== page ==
IDENTIFICATION OF REPTILIAN AND AMPHIBIAN BLOOD MEALS FROM MOSQUITOES IN AN EASTERN EQUINE ENCEPHALOMYELITIS VIRUS FOCUS IN CENTRAL ALABAMA

EDDIE W. CUPP Department of Entomology and Plant Pathology, and Department of Biological Sciences, Auburn University, Auburn, Alabama; Division of Geographic Medicine, University of Alabama at Birmingham, Birmingham, Alabama

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DUNHUA ZHANG Department of Entomology and Plant Pathology, and Department of Biological Sciences, Auburn University, Auburn, Alabama; Division of Geographic Medicine, University of Alabama at Birmingham, Birmingham, Alabama

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XIN YUE Department of Entomology and Plant Pathology, and Department of Biological Sciences, Auburn University, Auburn, Alabama; Division of Geographic Medicine, University of Alabama at Birmingham, Birmingham, Alabama

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MARY S. CUPP Department of Entomology and Plant Pathology, and Department of Biological Sciences, Auburn University, Auburn, Alabama; Division of Geographic Medicine, University of Alabama at Birmingham, Birmingham, Alabama

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CRAIG GUYER Department of Entomology and Plant Pathology, and Department of Biological Sciences, Auburn University, Auburn, Alabama; Division of Geographic Medicine, University of Alabama at Birmingham, Birmingham, Alabama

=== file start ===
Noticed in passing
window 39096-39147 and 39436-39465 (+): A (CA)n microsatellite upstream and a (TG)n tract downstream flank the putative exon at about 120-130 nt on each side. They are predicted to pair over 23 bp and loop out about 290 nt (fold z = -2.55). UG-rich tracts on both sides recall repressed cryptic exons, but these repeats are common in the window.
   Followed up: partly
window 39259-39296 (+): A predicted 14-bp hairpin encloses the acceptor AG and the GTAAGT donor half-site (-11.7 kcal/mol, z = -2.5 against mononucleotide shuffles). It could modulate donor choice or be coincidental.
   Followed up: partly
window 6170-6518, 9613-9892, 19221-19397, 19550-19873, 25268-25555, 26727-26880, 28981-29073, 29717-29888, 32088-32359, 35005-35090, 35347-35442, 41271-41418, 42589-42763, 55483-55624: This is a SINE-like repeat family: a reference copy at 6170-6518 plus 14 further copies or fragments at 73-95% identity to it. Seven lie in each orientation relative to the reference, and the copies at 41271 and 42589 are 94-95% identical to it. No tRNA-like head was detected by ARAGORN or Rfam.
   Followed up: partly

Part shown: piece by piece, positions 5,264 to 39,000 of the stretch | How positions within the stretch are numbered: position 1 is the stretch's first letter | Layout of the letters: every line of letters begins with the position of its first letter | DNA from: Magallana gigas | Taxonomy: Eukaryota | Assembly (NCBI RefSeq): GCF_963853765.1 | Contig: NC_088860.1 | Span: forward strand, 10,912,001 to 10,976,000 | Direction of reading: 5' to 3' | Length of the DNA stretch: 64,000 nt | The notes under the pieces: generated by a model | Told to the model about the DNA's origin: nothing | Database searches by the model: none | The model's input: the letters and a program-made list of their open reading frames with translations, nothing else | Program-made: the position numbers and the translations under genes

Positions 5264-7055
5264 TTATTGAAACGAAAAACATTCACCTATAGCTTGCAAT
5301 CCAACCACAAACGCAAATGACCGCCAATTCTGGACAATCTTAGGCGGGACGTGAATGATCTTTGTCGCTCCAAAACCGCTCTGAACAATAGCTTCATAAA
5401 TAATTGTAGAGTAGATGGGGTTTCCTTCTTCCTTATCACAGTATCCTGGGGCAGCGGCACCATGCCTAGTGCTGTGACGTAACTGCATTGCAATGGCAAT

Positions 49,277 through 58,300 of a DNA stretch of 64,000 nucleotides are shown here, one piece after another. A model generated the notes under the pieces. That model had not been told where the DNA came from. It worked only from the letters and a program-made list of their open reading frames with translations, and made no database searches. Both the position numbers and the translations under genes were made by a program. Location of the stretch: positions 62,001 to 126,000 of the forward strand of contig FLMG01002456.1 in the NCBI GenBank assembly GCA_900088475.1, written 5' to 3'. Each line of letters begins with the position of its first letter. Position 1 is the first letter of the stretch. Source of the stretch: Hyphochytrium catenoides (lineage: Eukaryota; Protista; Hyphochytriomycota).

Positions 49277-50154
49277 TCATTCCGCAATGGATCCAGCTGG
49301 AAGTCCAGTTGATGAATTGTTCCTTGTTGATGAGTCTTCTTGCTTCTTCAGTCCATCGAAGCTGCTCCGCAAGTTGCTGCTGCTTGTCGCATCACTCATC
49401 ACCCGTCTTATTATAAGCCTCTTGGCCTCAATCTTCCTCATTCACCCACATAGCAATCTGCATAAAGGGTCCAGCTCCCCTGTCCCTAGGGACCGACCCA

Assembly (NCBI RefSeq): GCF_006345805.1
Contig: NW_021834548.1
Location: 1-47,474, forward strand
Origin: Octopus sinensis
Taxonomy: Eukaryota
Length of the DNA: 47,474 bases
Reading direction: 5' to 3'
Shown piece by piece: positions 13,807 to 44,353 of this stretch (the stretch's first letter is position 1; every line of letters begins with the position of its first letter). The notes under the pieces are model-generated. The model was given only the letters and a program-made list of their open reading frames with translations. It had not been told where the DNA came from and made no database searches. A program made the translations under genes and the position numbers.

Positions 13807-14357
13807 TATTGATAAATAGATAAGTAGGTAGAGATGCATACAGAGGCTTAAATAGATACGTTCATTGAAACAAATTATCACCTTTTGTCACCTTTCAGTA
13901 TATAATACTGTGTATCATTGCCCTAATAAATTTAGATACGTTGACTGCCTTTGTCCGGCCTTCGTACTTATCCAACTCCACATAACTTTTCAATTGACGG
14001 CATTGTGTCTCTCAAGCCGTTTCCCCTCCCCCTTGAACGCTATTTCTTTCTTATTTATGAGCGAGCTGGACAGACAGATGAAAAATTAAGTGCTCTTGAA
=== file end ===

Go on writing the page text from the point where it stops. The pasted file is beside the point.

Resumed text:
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TONYA R. SPRENGER Department of Entomology and Plant Pathology, and Department of Biological Sciences, Auburn University, Auburn, Alabama; Division of Geographic Medicine, University of Alabama at Birmingham, Birmingham, Alabama

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THOMAS R. UNNASCH Department of Entomology and Plant Pathology, and Department of Biological Sciences, Auburn University, Auburn, Alabama; Division of Geographic Medicine, University of Alabama at Birmingham, Birmingham, Alabama

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Uranotaenia sapphirina, Culex erraticus, and Cx. peccator were collected in an enzootic eastern equine encephalomyelitis (EEE) virus focus in central Alabama (Tuskegee National Forest) from 2001 to 2003 and analyzed for virus as well as host selection. EEE virus was detected in each species every year except 2003, when pools of Cx. peccator were negative. Most (97%) of the 130 Cx. peccator blood meals identified were from ectothermic hosts; 3% were from birds. Among blood meals from reptiles (approximately 75% of the total), 81% were from Agkistrodon piscivorus (cottonmouth); all amphibian blood meals (approximately 25%) were from Rana spp. with > 50% taken from the bullfrog R. catesbeiana. Host identifications were made from 131 of 197 Cx. erraticus, but only 3 (2%) were derived from ectothermic species. Identification of Ur. sapphirina blood meals proved difficult and only 2 of 35 hosts were determined. Both were from R. catesbeiana. Ectothermic species are possible EEE virus reservoirs in the southeastern United States where species such as Cx. peccator and Ur. sapphirina occur with large, diverse reptilian, amphibian, and avian populations such as those at the Tuskegee site.

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